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“If you apply a bit more pressure with this nozzle, you’ll get a bigger rose effect. Using two colours can nearly double the value of a cupcake.” Whether it was the sweet smell of a money-making hobby or the cardiac arrest coming on from my self-imposed ‘taste tests’, I quickly perked up.

Cupcakes have taken centre stage as the new corporate branded gift for ANY occasion, an dull alternative hen party activity, or just part of a natural progression in our knack of making mini versions of terrific things.

With cupcake shops and decorating courses mushrooming around town accordingly, and helped along by a voucher, I decided I’d better see what the fuss was all about. This was extra special as my new hobby blogger buddy of Hobby Fabulous was doing cake decorating in May, so we decided to tackle this one together.Walking out of the tube station in Queensbury (I had to search for some time on a tube map – it’s on there, just, clinging to the top of the map in Zone 6), I wondered what to expect in my afternoon of cupcake decorating. I’d spatula’d up a cake before, and tried my hand at piping something when I was younger so was a little sceptical of what could be covered in two hours.

The Sugar Shack (2hrs, £60 without a voucher) is based in a top room within a warehouse, conveniently nestled above a baking goods store. These goods are, as expected, peddled in the course but not in an overtly salesy manner.

We began by making a piping bag with a sheet of baking paper. While this isn’t the first choice from pro bakers, it’s an important skill to know should you find yourself with cupcakes to decorate and no piping bags to hand. This could happen.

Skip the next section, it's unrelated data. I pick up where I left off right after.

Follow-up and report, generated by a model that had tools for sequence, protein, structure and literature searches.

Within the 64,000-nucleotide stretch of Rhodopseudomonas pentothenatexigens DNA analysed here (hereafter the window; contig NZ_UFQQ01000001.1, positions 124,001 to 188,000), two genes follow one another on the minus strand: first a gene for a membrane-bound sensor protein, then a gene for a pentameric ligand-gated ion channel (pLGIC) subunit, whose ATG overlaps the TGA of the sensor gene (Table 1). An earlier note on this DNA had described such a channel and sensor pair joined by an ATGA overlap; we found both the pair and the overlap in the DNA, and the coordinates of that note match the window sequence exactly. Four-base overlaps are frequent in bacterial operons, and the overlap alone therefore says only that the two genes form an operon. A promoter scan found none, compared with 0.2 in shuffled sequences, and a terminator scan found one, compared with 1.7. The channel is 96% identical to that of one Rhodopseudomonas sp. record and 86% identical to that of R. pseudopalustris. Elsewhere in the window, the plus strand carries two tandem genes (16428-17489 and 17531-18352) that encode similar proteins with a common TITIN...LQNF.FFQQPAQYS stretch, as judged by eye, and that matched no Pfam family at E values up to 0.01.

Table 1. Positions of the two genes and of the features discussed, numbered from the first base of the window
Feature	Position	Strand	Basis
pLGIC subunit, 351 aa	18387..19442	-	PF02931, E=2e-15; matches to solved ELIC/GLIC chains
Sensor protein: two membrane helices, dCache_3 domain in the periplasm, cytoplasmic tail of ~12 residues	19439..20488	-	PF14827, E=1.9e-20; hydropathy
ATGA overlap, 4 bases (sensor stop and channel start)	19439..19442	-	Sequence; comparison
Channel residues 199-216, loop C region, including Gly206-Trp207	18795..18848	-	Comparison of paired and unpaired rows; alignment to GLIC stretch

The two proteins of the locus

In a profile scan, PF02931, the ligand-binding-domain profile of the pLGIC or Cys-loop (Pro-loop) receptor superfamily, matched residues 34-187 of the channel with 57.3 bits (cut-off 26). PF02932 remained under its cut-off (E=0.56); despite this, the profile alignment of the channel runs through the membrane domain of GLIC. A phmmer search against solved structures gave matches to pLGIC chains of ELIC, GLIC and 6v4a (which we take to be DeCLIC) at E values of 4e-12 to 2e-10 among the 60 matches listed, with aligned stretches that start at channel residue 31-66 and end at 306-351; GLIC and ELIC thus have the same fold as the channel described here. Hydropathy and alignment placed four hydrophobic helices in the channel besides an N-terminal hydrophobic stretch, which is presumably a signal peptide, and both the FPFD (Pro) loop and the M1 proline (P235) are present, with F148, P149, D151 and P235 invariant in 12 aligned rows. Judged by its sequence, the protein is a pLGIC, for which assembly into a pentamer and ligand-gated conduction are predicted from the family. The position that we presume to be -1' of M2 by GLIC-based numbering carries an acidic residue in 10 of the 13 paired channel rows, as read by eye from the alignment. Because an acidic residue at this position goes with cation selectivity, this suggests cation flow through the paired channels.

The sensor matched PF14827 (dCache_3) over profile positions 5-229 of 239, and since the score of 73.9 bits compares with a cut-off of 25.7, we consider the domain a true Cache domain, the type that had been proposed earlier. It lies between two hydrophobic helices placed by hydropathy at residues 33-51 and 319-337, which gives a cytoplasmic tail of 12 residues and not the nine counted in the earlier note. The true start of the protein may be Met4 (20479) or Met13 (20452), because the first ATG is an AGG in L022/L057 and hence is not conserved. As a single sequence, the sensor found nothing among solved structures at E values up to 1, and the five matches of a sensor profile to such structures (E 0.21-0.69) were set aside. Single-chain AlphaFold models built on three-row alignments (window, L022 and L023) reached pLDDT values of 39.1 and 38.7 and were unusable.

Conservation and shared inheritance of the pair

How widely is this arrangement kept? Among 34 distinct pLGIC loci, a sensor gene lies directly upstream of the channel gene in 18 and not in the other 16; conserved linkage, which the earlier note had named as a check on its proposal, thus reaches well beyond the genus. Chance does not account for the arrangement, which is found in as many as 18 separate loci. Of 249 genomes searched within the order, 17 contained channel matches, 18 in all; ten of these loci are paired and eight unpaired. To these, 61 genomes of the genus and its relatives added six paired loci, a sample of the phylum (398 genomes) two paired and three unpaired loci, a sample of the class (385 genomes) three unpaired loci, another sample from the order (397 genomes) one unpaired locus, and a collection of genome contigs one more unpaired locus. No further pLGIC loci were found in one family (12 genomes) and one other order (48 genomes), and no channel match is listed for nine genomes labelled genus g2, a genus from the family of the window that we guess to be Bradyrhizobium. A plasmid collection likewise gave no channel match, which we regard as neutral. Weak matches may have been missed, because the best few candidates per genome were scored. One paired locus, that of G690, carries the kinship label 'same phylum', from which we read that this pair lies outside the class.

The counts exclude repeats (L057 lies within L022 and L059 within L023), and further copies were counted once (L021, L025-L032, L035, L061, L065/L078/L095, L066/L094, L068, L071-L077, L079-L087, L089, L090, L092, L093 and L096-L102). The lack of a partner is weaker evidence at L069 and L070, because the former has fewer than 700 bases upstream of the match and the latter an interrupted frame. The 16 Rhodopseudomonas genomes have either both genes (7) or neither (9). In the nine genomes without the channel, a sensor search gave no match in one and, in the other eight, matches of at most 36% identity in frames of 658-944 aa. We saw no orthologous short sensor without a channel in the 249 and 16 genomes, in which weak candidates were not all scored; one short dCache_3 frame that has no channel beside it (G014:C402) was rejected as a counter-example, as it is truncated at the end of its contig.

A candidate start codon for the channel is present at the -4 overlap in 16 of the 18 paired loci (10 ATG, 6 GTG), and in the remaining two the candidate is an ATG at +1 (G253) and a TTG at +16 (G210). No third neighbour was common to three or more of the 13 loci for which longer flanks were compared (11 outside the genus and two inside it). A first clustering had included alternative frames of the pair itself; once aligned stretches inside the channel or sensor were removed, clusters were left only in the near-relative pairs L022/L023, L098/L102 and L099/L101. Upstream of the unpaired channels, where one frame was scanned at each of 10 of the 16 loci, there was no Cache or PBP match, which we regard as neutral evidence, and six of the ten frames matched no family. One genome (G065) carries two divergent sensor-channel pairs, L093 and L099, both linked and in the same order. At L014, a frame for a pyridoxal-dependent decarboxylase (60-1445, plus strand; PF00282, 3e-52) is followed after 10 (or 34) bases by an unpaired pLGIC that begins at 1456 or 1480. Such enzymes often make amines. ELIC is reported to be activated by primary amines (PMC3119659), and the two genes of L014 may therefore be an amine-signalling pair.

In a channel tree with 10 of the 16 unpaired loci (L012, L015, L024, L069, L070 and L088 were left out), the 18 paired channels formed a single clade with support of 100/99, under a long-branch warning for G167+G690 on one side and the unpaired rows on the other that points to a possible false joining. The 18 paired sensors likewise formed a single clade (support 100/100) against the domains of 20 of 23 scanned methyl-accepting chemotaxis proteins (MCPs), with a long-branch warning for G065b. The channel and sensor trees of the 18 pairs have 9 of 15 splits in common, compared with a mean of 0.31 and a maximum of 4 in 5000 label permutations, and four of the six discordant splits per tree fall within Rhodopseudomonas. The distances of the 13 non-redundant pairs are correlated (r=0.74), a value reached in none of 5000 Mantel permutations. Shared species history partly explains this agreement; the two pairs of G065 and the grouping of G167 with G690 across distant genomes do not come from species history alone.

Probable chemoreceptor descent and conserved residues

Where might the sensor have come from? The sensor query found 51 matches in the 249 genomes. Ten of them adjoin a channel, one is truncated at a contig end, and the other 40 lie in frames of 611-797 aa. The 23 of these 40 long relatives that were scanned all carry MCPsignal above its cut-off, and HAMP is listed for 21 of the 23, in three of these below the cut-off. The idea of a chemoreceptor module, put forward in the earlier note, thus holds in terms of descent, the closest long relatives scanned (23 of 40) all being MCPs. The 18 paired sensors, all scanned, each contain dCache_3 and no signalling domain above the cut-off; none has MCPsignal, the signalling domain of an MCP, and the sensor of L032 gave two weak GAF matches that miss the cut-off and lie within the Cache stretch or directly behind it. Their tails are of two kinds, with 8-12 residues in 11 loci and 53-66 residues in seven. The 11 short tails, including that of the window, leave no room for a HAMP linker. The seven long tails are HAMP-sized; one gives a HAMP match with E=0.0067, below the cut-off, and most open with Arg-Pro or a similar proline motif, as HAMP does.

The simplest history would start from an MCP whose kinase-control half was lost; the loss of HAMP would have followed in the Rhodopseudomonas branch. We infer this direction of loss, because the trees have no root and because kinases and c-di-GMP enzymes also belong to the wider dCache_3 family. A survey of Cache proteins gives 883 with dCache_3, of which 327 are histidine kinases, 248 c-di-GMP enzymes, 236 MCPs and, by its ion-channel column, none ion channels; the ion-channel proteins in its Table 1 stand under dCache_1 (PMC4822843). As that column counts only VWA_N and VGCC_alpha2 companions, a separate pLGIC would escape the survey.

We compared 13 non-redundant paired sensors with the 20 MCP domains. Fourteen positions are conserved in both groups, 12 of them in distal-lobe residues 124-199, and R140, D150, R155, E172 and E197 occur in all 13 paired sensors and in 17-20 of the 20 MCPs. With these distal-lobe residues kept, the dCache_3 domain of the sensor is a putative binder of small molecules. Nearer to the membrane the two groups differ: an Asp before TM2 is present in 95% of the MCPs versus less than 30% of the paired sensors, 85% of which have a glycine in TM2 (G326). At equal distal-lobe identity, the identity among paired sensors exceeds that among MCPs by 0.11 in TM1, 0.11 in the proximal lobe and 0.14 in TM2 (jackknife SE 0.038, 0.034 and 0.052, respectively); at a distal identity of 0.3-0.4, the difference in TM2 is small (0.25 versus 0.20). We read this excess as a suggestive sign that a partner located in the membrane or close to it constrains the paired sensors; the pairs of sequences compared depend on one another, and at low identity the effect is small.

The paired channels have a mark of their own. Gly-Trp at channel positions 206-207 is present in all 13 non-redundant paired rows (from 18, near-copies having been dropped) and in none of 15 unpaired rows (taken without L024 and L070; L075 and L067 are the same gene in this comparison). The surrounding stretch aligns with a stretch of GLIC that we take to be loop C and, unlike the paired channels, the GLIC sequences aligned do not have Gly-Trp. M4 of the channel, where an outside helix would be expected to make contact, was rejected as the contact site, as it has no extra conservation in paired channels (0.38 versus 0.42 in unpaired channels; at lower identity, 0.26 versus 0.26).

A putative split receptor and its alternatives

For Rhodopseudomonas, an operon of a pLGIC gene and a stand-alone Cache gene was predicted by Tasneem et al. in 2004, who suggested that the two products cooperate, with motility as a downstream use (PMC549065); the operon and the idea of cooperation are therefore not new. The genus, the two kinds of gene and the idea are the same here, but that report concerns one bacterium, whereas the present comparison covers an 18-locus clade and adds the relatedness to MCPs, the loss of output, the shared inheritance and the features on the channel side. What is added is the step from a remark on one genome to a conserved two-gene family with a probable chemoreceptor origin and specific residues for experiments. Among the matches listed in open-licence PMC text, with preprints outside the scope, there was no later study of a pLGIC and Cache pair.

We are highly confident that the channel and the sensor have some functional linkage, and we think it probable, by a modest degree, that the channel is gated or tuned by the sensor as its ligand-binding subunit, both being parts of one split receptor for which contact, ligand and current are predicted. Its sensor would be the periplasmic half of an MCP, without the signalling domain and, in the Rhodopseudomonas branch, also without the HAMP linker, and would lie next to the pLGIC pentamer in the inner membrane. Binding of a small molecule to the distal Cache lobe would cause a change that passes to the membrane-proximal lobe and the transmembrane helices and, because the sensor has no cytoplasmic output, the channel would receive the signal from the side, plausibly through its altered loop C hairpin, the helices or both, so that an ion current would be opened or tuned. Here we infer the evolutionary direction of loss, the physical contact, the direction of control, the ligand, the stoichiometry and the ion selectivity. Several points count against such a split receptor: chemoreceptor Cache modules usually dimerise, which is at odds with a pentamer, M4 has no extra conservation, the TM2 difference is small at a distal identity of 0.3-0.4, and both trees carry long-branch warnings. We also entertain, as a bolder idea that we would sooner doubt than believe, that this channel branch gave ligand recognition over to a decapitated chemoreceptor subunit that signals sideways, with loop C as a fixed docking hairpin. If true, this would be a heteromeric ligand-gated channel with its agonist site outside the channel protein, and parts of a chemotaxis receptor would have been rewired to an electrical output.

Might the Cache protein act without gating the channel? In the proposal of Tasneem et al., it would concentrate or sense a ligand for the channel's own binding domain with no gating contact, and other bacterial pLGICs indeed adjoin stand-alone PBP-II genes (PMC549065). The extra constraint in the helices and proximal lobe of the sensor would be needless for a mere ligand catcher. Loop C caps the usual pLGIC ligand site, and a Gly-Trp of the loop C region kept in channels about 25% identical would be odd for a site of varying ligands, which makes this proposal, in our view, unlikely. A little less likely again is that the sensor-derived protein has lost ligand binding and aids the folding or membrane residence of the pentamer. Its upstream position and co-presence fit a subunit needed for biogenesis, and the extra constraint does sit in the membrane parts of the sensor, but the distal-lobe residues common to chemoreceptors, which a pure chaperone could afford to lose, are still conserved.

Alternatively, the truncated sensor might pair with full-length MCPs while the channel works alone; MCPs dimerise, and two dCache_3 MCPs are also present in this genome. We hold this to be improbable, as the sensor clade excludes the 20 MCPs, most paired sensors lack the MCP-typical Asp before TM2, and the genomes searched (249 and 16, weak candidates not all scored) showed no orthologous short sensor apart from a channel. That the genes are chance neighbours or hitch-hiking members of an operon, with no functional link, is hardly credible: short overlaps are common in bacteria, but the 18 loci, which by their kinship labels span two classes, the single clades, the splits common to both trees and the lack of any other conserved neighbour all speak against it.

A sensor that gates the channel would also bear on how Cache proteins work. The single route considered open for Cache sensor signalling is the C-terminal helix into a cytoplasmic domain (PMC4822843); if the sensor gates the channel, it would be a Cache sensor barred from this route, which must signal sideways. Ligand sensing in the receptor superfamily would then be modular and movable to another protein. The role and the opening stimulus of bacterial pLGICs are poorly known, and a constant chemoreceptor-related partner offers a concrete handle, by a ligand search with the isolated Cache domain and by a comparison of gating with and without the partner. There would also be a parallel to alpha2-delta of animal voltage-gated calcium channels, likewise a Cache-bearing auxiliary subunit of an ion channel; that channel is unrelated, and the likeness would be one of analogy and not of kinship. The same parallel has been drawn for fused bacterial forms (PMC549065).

Next we snipped a corner off a plastic disposable piping bag, stuck in the medium-sized nozzle, filled ‘er up with butter icing and grabbed our dummy cupcakes (plastic molds for practicing). The first technique we learnt was the ‘star’; one you’d most likely accidentally do if left to your own devices; essentially blobbing the icing out forming single stars due to the nozzle’s zigzagged edges.

With the same nozzle we learnt ‘the shell’ (similar to its namesake with some imagination) and Rita’s (our friendly and confident teacher) own design of interlocking ‘C’ shapes forming a twisted rope effect atop a cupcake, pictured.

We switched to our homemade bags with the smallest nozzle, used to create leaf shapes. These took a little more attention in ensuring the ends didn’t droop.

Finally the bigger nozzle was used for the ‘My Whippy’ soft serve style and the simple-yet-effective rose.

We then advanced to real cupcakes and were given four to have our way with, using colouring and sprinkles and a fancy pearl glossing spray – you know, for that extra je ne sais pas.

I do feel better equipped to decorate cupcakes (with or without piping bags to hand) so in that case it was a success. But as we didn’t venture into the territory of making the cup cakes or the actual icing, I suspect you could learn most of the techniques we did through crafty YouTube videos. I’d also hoped to work with different types of icing and go a little beyond piping.

Tips:

  • For white butter icing use non-salted (President is the best apparently) and the more you whip it the whiter it goes.
  • Buy a clear vanilla essence to use without changing the pure colour of the icing.
  • If it’s a hot day your butter icing might go too soft so try to limit handling it and pop it in the fridge to harden if needed. You can also regularly rinse your hands with cold water to cool them.
  • Don’t chuck leftover icing in the sink – as it’s a fat it will clog the pipes.
  • Not all glitter is as edible as it says so take care when selecting one.

Want to give it a go?

A few to try around London, untried:

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